Will France Rebalance its Policies Towards Iran?
During the negotiations between Iran and the world powers over Tehran’s controversial nuclear program, which ultimately led to the Joint Comprehensive Plan of Action, or the JCPA, then Foreign Minister Fabius become known for holding out tough conditions against the Iranians even though he ultimately helped push through the nuclear accord. During the announcement of his departure this February, Fabius defended France’s increasingly assertive foreign policy towards the Middle East, including expressing disappointment with the U.S. record on Syria and Tehran’s interference in the conflict. “Let’s say that there were moments where we should have acted. But that is just a part of international politics. It isn’t because France takes the right position that everybody aligns with her. Sometimes it is disappointing, but that is the way it is”. Although Fabius stepped down as part of a larger cabinet reshuffle, the government’s position on Syria, notably that President Bashar al-Assad must step aside, remains in place as President Hollande reiterated this during a high-profile meeting with President Hassan Rouhani at the Élysée Palace this past January. Even though Rouhani secured major commercial agreements with French industry during his first visit to Europe following the JCPA agreement, Paris’ positions on Syria and Iran’s regional interference remains intact. The New York Times described in great details the various commercial agreements reached between French and Iranian industries during Rouhani’s visit, including how “the carmaker Peugeot Citroën had signed a deal worth 400 million euros, about $438 million, with the Iranian carmaker Khodro. The oil company Total said it would sign a deal for 150,000 to 200,000 barrels a day. Airbus will sell 118 planes to the Iranians”. Still, it should be noted that all agreements reached are exclusively commercial and France will not sell defense systems or other dual use technologies to Iran as it does not want to upset the regional balance of power, notably between Riyadh and Tehran.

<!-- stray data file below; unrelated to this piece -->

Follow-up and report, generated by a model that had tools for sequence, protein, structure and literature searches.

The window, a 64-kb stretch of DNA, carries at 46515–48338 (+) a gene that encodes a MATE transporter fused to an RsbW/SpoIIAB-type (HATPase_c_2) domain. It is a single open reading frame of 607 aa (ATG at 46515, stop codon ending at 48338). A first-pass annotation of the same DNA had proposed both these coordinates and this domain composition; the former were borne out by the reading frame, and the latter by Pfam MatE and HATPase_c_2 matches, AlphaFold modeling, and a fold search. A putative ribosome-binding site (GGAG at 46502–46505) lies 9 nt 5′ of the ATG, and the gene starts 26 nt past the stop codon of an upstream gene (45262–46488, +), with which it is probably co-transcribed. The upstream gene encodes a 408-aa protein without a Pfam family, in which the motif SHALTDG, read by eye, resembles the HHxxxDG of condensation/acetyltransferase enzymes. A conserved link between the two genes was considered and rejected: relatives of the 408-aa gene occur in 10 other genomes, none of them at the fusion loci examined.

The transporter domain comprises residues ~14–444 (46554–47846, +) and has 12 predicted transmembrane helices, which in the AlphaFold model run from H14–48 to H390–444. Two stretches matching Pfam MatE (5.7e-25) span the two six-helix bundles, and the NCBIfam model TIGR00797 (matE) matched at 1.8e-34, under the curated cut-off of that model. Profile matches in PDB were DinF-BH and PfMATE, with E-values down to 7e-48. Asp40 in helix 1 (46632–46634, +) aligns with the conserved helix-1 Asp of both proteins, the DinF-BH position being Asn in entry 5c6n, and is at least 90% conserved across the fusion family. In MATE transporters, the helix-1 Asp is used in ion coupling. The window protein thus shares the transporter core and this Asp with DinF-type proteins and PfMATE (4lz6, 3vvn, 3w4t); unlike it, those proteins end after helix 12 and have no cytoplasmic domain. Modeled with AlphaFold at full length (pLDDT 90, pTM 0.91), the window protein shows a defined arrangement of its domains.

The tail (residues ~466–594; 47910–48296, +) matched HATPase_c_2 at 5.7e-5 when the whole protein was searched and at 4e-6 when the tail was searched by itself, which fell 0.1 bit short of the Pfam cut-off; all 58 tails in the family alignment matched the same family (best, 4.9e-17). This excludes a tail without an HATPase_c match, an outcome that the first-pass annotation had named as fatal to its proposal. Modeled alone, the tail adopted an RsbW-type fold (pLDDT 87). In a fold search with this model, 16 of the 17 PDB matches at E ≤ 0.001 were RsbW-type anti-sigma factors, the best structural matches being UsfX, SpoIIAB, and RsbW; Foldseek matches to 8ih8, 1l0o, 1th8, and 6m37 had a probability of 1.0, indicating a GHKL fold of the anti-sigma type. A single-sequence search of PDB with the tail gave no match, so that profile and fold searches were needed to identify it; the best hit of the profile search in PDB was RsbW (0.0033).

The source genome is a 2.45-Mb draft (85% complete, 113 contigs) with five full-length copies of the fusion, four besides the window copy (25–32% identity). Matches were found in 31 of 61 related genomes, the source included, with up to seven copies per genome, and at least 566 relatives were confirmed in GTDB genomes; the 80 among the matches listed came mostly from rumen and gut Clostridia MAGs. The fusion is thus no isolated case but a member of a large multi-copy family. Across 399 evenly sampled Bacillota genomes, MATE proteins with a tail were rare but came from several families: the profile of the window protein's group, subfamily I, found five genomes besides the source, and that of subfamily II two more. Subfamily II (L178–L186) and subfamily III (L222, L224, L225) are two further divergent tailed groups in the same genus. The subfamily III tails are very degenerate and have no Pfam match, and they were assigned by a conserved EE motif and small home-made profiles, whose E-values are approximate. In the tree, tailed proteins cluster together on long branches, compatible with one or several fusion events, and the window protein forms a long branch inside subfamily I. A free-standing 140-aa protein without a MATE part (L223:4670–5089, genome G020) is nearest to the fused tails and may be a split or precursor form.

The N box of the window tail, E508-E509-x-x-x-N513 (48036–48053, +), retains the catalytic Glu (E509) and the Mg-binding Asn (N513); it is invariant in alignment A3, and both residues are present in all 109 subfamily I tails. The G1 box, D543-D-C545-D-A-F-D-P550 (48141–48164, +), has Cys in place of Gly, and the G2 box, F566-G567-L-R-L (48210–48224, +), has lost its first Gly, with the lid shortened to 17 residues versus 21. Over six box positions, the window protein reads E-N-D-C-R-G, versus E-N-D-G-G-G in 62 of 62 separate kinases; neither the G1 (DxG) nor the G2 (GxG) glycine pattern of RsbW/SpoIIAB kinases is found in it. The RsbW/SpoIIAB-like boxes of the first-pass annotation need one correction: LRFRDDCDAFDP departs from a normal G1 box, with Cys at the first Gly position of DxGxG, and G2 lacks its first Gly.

These factors underscore that French interests towards the Middle East are indeed not driven by commercial interests, but rather illustrate that Paris considers its nexus with Riyadh and Cairo as pivotal for regional stability amid Iranian attempts to alter the balance of power.
France also appears to believe that maintaining strong defense and intelligence cooperation with Saudi Arabia, including a unified position on Syria, while seeking to enter the Iranian market does not present a conflict of interest.
If history can serve as a lesson, this will not be the first time that France has moved on from a hardline position against Tehran, which it did during the negotiations leading to the JCPA, while aligning itself with Iran’s principal rival, Saudi Arabia, before moving to deepen commercial ties with Iran. During the Iran-Iraq war (1980-87), France initially sided with President Saddam Hussein of Iraq, which translated into a number of Iranian sponsored terrorist attacks on French soil. Following the Iran-Iraq war, however, Tehran sought to normalize relations with Paris and subsequently invited French energy conglomerate TOTAL to operate a number of its oil fields. It was at that point that Franco-Iranian commercial ties began to develop.
Drawing on these lessons, Paris believes that it has successfully overcome tensions over nuclear negotiations and everything that came with them, hence explaining why France does not consider having strong defense ties with Riyadh to be a conflict of interest.
During the Hollande-administration, France has arguably transformed itself into the United States’ principal military ally in the fight against ISIL and has reluctantly supported its positions on Syria. While negotiating the JCPA, France too has played an instrumental role as its hawkish positions arguably helped create a space for the U.S and Iran to reduce long-standing tensions, which eventually led to the agreement. Within this context, it is clear that Washington and Paris share a similar strategic outlook on the Middle East and its many proxy conflicts between Riyadh and Tehran.
Even though it has been suggested that U.S. diminishing influence in the Arab world along with wider security concerns fueled by the rise of ISIL has enabled France to fill a vacuum by increasing its defense sales to the GCC and to Saudi Arabia in particular, given the close diplomatic cooperation between Washington and Paris, there are no evidence to suggest that the two allies have conflicting and competing agendas for the Middle East. When it comes to commercial opportunities, Paris and Washington are bound to pursue their respective interests, but this has so far not come at the expense of each other’s strategic interests be it on Syria, Iran or on ISIL. Amid a push to recapture Mosul and Kirkuk from ISIL, Franco-American relations are only expected to increase.
This article was originally published by Al Jazeera.